The Republican lawsuit targets reinsurance that helps insurance companies provide universal coverage without accounting for pre-existing conditions.
By Cyril Tuohy
Morningstar reported new variable annuity (VA) sales for 2013 were $141.2 billion, down 1.5 percent from 2012. The company forecast a 2 to 3 percent drop in new VA sales for 2013.
“Net cash flow made a significantly worse showing, however, with the industry barely treading water at $1.3 billion positive net flow for the year,” Frank O’Connor, product manager with the Morningstar Annuity Research Center, said in a note to clients.
Cash flows slowed to a trickle in part because of runoff business, where life insurers left the business but are paying off existing guarantee contracts.
The Hartford, ING and Sun Life are among the largest insurance companies to have exited the VA business recently.
In addition, “massive outflows” from group annuities as a result of aging workers rolling out of qualified retirement accumulation plans, were to blame for the industry bringing in only $1.3 billion of net new money, O’Connor said.
“While the drag resulting from the resolution of high-liability blocks of business is temporary, expect the drag from group plan rollouts to only intensify as more baby boomers retire and cash out their annuity-funded plans,” he said.
O’Connor also said the fourth quarter was notable for the shift in company market share rankings, with Prudential dropping to fifth place last year from first place in 2012. The company’s market share of the VA market sank to 8.1 percent from 13.9 percent, with new sales dropping nearly 43 percent, O’Connor said.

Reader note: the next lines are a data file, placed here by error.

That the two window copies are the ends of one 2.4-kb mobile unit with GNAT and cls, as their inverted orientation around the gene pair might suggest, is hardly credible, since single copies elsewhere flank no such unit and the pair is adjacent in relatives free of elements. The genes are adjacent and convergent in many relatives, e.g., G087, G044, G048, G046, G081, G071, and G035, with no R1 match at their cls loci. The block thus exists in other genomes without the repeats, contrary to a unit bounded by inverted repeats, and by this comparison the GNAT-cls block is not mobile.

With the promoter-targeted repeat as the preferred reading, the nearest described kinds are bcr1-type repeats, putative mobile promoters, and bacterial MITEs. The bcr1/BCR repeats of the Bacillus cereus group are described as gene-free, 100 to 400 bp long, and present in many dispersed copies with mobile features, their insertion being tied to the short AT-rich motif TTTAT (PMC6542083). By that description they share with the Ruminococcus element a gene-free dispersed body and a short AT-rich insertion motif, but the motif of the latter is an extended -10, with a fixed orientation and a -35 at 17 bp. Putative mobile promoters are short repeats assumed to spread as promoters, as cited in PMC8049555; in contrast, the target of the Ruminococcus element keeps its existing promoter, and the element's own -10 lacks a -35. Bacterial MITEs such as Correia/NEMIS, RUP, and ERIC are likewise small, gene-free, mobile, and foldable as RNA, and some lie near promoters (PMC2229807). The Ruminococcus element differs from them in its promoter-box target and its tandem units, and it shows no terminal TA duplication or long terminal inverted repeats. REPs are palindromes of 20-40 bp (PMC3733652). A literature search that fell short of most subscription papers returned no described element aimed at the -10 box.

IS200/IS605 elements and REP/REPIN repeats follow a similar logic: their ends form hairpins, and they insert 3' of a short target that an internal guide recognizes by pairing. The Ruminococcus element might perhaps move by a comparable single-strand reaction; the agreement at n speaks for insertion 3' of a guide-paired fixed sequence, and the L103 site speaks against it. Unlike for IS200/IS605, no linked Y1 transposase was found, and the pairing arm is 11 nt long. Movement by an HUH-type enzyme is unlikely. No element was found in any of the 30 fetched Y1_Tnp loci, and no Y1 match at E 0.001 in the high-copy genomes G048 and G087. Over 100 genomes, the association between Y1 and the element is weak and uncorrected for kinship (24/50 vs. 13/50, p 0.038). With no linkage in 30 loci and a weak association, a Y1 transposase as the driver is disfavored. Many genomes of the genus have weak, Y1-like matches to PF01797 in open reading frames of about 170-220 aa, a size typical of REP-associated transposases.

“By design, to be sure, as Prudential, along with other carriers, was grappling with ‘too many eggs in one basket’ and a need to rebalance their lines of business,” O’Connor said.
MetLife dropped to sixth place from third place in 2012, and its market share tumbled to 7.5 percent of new sales in 2013, down from a 12.4 percent share in 2012, O’Connor added.
Prudential and MetLife have spent the past two years lowering their risk exposure to VAs as managers sought to rebalance their companies’ life, annuity and retirement product portfolios.
As these two annuities giants reduced their VA exposure, Jackson National, Lincoln Financial, Axa, SunAmerica/VALIC and Aegon/Transamerica stepped in.
In 2013, Lincoln, SunAmerica and Aegon booked new VA sales gains of 36.9 percent, 39.3 percent and 59.3 percent respectively, over 2012, O’Connor said.
Jackson was the No. 1 seller of new VAs in 2013 with 14.8 percent market share, Morningstar said.
Cyril Tuohy is a writer based in Pennsylvania. He has covered the financial services industry for more than 15 years. Cyril may be reached at firstname.lastname@example.org.
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